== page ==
Rationale: Heart development involves differentiation of cardiac progenitors and assembly of the contractile sarcomere apparatus of cardiomyocytes. However, little is known about the mechanisms that regulate actin cytoskeleton remodeling during cardiac cell differentiation.
Objective: The Asb2α (Ankyrin repeat-containing protein with a suppressor of cytokine signaling box 2) CRL5 (cullin 5 RING E3 ubiquitin ligase) triggers polyubiquitylation and subsequent degradation by the proteasome of FLNs (filamins). Here, we investigate the role of Asb2α in heart development and its mechanisms of action.
Methods and results: Using Asb2 knockout embryos, we show that Asb2 is an essential gene, critical to heart morphogenesis and function, although its loss does not interfere with the overall patterning of the embryonic heart tube. We show that the Asb2α E3 ubiquitin ligase controls Flna stability in immature cardiomyocytes. Importantly, Asb2α-mediated degradation of the actin-binding protein Flna marks a previously unrecognized intermediate step in cardiac cell differentiation characterized by cell shape changes and actin cytoskeleton remodeling. We further establish that in the absence of Asb2α, myofibrils are disorganized and that heartbeats are inefficient, leading to embryonic lethality in mice.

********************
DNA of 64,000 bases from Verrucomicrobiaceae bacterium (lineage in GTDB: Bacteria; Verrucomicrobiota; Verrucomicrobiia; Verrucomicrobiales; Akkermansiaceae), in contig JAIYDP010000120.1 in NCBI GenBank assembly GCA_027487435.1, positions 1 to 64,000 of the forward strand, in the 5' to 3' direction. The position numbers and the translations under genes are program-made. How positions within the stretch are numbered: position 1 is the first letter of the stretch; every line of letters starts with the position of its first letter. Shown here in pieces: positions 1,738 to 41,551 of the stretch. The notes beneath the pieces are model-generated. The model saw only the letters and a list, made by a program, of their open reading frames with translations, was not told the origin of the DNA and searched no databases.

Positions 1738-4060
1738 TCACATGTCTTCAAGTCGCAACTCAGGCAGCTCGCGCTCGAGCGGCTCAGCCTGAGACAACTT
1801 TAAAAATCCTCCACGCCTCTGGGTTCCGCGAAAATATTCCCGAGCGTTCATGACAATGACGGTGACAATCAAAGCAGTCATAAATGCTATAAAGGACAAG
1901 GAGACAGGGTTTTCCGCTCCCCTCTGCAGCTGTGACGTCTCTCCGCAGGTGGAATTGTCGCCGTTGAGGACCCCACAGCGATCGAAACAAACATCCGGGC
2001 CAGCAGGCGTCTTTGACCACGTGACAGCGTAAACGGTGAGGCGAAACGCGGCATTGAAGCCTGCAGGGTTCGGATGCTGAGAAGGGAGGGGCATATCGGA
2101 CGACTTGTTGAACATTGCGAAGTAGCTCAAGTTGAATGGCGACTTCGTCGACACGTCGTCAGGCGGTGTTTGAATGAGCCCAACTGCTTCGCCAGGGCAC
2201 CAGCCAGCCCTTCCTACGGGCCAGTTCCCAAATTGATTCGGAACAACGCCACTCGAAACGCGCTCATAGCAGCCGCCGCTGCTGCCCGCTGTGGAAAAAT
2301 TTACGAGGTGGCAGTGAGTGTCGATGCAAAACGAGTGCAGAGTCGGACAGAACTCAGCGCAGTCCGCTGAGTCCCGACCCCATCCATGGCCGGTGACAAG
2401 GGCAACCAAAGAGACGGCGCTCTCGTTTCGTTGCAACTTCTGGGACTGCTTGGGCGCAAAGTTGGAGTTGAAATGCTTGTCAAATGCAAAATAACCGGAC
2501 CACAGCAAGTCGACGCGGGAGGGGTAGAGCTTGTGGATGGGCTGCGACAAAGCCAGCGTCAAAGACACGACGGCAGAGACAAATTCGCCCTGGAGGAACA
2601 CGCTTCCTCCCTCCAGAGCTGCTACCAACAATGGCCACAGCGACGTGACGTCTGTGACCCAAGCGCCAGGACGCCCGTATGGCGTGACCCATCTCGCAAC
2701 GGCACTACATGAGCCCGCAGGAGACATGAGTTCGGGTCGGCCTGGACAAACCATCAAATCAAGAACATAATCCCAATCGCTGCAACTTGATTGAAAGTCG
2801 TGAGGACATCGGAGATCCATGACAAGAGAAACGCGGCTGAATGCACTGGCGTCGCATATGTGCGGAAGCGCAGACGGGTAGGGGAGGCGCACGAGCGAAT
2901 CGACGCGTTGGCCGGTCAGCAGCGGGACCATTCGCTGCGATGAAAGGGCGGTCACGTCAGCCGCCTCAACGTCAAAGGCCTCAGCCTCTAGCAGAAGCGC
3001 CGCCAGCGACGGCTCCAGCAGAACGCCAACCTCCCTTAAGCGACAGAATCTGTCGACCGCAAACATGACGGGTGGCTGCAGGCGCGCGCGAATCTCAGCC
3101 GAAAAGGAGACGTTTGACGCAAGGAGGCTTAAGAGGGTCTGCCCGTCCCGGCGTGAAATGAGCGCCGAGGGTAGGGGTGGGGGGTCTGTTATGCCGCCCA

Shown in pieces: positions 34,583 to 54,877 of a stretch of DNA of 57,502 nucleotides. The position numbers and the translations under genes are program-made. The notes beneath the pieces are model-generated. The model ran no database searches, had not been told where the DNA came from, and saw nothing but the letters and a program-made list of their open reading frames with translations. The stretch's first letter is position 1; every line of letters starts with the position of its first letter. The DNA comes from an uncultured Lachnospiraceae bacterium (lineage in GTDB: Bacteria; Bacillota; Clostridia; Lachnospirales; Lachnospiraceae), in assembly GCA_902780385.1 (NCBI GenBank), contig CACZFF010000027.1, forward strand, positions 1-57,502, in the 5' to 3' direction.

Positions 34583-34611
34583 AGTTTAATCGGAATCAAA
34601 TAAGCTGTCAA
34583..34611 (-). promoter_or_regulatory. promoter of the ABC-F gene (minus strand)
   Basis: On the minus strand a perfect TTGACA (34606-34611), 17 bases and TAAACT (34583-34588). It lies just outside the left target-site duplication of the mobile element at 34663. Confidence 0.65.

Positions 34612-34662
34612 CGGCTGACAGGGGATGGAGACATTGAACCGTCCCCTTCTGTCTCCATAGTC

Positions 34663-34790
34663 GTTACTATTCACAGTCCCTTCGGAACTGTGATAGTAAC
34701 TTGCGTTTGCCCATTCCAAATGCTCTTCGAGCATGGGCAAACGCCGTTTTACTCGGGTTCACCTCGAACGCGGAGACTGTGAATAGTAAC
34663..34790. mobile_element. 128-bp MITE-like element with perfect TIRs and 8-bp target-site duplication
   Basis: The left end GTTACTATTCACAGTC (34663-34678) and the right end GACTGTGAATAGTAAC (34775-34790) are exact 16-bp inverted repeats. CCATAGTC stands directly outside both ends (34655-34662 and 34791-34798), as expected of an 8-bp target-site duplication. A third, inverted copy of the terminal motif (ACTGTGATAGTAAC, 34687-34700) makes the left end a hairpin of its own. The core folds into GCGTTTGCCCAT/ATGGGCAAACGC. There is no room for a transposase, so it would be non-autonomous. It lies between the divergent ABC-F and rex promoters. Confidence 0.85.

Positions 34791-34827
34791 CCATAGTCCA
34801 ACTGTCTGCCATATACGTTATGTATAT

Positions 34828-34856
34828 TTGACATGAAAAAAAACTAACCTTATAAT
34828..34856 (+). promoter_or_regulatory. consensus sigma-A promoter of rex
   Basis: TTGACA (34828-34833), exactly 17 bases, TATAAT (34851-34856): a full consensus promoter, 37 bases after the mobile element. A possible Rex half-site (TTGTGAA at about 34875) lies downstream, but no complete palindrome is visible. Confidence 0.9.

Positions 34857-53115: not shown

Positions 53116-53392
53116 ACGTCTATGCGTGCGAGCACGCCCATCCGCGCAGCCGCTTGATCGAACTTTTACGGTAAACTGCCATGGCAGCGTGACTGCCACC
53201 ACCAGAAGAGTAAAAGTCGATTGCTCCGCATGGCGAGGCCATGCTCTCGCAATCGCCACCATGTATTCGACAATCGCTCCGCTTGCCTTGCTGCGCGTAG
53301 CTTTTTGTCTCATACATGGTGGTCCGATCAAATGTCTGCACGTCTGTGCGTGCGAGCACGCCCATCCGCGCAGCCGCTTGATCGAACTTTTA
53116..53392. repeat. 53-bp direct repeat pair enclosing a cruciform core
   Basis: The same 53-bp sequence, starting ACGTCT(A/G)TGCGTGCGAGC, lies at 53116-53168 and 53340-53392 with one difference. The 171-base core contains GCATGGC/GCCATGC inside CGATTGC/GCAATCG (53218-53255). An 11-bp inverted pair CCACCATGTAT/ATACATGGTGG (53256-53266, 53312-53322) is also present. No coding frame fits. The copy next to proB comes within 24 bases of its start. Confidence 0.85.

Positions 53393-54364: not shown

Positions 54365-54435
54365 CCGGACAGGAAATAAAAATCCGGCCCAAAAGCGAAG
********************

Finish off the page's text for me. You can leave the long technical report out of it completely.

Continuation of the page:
Conclusions: These findings identify Asb2α as an unsuspected key regulator of cardiac cell differentiation and shed light on the molecular and cellular mechanisms determining the onset of myocardial cell architecture and its link with early cardiac function. Although Flna is known to play roles in cytoskeleton organization and to be required for heart function, this study now reveals that its degradation mediated by Asb2α ensures essential functions in differentiating cardiac progenitors.
Keywords: architecture; cell differentiation; cell shape; morphogenesis; proteasome endopeptidase complex; sarcomeres; ubiquitin.
© 2018 American Heart Association, Inc.